A wedding proposal that will last a lifetime

 

By Joel Charron

 

Ryan Pillon has always been a hopeless romantic.

So there was no doubt in his mind he wanted to do something special to ask his girlfriend of four years, Angie Argoselo, to marry him.

Pillon, 26, said he began planning the wedding proposal two months ago while he was working as a conservation officer with Parks Canada.

With the assistance of the “Keep History Alive” brick program of the Provincial Marine, Pillon contacted Jennie Lajoie of the Provincial Marine to have a brick made up with “Will you marry me” inscribed on it and have it installed in King’s Navy Yard Park amongst the rest of the inscribed bricks.

“I thought of this idea four years ago,” said Pillon. “This was something I wanted to do. Jennie was a great help. She made it really easy.”

Once the brick order was put through, Lajoie made sure the special brick was in the ground by the time Pillon returned home from Alberta.

Pillon returned home on Friday, April 19 and asked Argoselo out on a lunch date.

“We didn’t see each other for two months so we just wanted to catch up on things,” said Argoselo.

The couple walked down to the Waterfront Ice Cream Parlor for a frozen treat then took a stroll in Kings Navy Yard Park.

Angie Argoselo was more than surprised when she saw a brick asking her to marry long time boyfriend Ryan Pillon

Angie Argoselo was more than surprised when she saw a brick asking her to marry long time boyfriend Ryan Pillon

“We walked around and talked for a little while, just really soaked up the moment,” said Pillon.

When the couple made their way to the inscribed bricks, Pillon approached the area so Argoselo would be able to notice the brick.

Pillon stepped over the brick and than it caught Argoselo’s eye.

“He walked right over it,” she said. “I was looking for another brick that my brother and his wife have. When he walked over the brick, the black letters were so brand new I just saw it before he got a chance to say anything.”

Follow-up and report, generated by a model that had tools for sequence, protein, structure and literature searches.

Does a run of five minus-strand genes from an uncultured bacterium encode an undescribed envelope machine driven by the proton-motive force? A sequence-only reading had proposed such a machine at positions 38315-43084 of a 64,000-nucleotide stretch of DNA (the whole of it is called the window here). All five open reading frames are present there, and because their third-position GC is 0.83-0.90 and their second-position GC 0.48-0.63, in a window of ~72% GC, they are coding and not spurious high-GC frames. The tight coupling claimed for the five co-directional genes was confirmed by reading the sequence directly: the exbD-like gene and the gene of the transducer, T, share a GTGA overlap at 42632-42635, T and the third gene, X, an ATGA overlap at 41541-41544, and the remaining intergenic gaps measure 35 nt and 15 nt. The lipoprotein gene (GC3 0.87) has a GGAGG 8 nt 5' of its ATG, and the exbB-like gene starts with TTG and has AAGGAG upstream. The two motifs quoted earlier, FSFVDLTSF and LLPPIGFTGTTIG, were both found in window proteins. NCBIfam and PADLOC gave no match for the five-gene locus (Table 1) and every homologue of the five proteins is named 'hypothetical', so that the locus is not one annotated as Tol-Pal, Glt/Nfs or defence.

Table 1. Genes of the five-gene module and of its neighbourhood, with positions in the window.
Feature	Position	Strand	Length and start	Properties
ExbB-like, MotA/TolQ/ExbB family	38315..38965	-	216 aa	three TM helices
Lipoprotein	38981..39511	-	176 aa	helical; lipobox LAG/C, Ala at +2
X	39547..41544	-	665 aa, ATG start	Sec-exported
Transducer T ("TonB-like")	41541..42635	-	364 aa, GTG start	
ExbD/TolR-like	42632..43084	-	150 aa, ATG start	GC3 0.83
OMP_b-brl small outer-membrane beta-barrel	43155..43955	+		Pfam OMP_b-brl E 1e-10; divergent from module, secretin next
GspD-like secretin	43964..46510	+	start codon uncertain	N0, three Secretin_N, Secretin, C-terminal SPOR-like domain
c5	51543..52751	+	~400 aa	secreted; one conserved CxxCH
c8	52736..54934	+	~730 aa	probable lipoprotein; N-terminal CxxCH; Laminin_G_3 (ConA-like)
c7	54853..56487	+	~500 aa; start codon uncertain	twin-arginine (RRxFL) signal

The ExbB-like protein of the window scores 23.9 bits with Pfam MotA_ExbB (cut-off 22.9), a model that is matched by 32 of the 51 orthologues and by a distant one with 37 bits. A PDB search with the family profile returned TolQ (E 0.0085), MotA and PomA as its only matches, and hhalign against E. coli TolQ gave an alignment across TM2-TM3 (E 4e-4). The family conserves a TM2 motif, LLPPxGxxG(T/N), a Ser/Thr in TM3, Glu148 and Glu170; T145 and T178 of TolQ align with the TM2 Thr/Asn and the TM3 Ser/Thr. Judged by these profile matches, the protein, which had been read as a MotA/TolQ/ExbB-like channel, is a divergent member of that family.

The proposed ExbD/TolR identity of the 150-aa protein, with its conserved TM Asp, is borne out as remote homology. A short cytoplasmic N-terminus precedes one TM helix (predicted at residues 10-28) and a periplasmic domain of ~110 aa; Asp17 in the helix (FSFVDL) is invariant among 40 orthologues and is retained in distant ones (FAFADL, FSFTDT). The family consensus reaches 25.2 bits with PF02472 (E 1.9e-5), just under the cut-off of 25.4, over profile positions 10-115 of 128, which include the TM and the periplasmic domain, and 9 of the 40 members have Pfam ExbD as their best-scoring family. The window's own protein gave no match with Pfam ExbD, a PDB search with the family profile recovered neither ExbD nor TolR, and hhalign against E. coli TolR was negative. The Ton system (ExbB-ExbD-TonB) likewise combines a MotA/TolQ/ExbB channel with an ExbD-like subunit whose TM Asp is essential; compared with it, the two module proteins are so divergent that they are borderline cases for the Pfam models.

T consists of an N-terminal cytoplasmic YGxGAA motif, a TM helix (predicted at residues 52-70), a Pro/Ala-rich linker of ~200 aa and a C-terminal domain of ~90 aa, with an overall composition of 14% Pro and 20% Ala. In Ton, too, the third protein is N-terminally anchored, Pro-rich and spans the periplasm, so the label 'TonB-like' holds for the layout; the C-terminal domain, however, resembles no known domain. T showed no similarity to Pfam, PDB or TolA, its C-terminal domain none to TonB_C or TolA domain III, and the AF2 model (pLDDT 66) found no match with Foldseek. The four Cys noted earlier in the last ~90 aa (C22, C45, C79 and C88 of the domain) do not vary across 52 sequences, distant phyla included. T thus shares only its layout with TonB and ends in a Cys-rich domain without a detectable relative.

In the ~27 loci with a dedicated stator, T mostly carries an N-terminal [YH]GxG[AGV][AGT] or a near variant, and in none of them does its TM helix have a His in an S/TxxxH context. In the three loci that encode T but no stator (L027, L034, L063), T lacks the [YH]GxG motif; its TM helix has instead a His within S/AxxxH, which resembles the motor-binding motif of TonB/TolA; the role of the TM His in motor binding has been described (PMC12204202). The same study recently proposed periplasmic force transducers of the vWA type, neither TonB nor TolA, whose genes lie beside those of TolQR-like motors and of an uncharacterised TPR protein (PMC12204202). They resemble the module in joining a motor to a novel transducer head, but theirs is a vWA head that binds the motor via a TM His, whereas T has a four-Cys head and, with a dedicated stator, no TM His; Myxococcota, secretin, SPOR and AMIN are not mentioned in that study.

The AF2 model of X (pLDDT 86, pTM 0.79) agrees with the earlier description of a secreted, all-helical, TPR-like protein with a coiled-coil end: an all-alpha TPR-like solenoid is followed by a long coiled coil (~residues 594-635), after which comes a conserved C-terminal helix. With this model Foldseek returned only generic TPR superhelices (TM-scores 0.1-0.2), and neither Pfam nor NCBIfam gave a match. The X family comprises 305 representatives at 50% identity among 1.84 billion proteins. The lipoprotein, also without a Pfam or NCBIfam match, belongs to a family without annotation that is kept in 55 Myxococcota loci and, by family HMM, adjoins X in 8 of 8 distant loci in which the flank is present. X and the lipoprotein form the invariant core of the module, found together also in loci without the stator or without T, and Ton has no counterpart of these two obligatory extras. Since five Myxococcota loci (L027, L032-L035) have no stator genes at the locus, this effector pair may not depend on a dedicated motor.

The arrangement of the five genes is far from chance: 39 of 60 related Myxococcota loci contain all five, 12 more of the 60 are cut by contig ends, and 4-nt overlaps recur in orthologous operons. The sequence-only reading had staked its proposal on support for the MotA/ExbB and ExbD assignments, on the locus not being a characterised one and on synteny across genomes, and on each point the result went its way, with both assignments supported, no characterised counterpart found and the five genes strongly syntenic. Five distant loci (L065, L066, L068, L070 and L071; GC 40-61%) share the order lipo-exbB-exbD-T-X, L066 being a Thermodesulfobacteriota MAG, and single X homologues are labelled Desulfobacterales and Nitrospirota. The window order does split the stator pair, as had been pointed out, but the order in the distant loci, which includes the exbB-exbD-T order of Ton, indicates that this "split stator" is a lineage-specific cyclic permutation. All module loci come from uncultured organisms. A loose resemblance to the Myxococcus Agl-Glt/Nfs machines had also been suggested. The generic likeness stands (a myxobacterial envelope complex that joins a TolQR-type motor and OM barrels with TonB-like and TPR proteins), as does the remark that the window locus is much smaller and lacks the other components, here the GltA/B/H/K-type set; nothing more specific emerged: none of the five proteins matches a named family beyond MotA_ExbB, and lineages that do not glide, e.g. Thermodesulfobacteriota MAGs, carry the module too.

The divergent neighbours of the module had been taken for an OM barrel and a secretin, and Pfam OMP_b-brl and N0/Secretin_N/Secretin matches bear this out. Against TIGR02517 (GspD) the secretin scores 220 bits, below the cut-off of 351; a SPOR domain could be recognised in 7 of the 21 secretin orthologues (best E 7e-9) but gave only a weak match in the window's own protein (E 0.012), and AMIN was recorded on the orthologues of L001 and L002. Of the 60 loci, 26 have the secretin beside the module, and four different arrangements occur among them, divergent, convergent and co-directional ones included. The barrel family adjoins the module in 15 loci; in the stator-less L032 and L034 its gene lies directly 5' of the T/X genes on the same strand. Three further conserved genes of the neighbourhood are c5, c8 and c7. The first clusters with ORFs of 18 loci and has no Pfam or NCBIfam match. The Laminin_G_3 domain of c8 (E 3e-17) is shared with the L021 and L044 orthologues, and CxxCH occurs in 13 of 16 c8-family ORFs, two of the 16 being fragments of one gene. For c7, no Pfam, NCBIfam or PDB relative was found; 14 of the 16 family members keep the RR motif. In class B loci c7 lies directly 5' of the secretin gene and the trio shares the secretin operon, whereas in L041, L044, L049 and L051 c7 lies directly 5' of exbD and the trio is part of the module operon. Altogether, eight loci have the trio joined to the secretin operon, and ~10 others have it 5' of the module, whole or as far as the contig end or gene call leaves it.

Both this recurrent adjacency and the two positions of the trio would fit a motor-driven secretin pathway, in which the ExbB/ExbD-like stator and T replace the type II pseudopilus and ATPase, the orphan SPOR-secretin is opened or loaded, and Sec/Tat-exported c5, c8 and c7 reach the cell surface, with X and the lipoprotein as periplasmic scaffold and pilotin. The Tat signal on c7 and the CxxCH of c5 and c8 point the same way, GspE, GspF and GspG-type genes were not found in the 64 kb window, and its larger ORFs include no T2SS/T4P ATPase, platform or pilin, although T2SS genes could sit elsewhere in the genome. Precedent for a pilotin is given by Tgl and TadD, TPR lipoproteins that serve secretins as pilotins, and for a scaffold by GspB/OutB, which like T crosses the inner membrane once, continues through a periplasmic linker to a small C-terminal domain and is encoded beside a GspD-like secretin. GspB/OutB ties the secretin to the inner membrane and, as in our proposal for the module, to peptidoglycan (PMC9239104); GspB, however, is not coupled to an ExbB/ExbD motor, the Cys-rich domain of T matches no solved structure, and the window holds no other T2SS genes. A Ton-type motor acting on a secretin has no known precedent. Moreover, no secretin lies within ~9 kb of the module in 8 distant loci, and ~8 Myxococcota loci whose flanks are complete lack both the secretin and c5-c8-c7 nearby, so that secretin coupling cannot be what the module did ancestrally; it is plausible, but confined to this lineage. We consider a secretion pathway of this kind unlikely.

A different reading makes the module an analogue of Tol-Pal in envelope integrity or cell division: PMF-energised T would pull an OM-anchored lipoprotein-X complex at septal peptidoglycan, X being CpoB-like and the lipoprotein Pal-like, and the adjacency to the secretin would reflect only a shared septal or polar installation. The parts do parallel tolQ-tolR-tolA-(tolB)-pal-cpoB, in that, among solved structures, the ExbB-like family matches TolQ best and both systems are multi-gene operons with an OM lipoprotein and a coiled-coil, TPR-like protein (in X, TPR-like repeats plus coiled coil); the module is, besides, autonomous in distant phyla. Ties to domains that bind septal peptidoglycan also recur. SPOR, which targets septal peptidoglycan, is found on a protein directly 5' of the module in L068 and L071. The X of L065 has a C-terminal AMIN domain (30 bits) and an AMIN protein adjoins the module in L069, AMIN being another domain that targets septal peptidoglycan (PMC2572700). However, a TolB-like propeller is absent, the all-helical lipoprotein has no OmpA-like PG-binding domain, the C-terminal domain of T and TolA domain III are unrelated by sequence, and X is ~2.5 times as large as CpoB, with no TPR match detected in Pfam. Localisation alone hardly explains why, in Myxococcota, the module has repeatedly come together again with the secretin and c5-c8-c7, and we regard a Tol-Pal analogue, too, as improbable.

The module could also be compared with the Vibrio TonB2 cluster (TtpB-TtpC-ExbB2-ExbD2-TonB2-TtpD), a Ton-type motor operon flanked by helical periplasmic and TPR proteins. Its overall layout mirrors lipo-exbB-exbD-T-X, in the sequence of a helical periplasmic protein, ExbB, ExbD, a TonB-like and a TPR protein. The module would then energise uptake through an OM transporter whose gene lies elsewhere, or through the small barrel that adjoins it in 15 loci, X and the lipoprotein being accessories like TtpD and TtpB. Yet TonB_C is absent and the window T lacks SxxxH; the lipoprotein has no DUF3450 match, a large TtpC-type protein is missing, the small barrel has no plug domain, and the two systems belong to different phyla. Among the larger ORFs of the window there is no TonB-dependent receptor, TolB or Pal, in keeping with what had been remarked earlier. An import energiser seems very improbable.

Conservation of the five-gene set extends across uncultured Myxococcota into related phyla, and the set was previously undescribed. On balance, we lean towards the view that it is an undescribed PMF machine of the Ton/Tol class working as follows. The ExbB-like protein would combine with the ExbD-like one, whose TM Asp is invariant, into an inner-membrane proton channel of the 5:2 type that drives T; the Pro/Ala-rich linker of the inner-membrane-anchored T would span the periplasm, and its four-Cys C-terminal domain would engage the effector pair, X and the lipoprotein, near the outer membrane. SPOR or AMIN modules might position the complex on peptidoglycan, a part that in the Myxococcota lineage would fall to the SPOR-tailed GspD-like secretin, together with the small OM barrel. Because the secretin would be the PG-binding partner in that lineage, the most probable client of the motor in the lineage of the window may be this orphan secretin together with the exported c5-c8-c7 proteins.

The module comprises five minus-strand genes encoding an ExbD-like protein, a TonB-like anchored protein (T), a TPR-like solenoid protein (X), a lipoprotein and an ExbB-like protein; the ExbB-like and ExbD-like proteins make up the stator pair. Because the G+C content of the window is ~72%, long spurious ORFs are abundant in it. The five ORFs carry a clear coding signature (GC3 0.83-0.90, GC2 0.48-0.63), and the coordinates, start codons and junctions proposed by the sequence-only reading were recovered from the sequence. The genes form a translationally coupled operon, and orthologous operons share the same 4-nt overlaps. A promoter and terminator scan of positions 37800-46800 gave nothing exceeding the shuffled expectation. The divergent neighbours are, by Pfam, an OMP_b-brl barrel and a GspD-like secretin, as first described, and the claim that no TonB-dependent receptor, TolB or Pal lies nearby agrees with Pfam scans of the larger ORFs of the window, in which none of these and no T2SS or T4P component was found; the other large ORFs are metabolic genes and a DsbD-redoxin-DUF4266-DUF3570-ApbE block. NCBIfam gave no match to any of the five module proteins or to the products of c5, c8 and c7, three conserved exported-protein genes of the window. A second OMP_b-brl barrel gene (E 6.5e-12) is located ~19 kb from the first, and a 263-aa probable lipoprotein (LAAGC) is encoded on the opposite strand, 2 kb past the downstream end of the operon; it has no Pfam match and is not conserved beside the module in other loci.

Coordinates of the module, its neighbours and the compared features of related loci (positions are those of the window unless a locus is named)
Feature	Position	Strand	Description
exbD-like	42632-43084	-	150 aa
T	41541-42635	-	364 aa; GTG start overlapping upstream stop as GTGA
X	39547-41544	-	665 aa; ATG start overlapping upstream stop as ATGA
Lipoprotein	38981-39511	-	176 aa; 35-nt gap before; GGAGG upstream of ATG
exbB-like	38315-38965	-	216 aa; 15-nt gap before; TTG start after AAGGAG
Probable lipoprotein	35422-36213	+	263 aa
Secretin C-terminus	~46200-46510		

Overtaken by emotion, Argoselo turned from Pillon then turned towards him, where he was waiting on one knee with a ring.

Agroselo said yes.

“I couldn’t stop giggling,” said Argoselo. “I wasn’t expecting it.  The brick completely threw me off. It was absolutely perfect.”

Pillon said there were a number of reasons why he wanted to propose the way he did.

He mentioned Kings Navy Yard Park holds special meaning to the couple; it was the venue of their first date four years ago on Canada Day to watch the annual fireworks.

Also, Pillon wanted his fiancée’s name to be engraved in stone forever.

“Angie said her last name is very special to her,” said Pillon. “Her last name will be Pillon when we marry but now Argoselo will be here forever in stone. It will be something we can show our family.”

Lastly, he wanted Amherstburg to always be a part of their lives.

“We have to move around for work right now but Amherstburg will always be a part of us,” he said.

Argoselo said the couple have been talking about getting married for some time and admits she was kind of expecting something, but nothing quite like this.

“I think the way he did it was perfect,” she said. “I love how he put so much thought into it. He’s been a romantic from the very beginning, so I’m not really surprised but it’s more than I expected.”

Pillon said they have not set a date but mentioned they are looking for sometime in 2015.

“We have to head back to Alberta, so we have a 40 hour car ride to discuss it,” he joked.

The “Keep History Alive” bricks in the King’s Navy Yard Park are the result of the vision of Carol Ferguson. It was brought to fruition by the partnership of the Town of Amherstburg with The Provincial Marine Amherstburg re-enactment unit.

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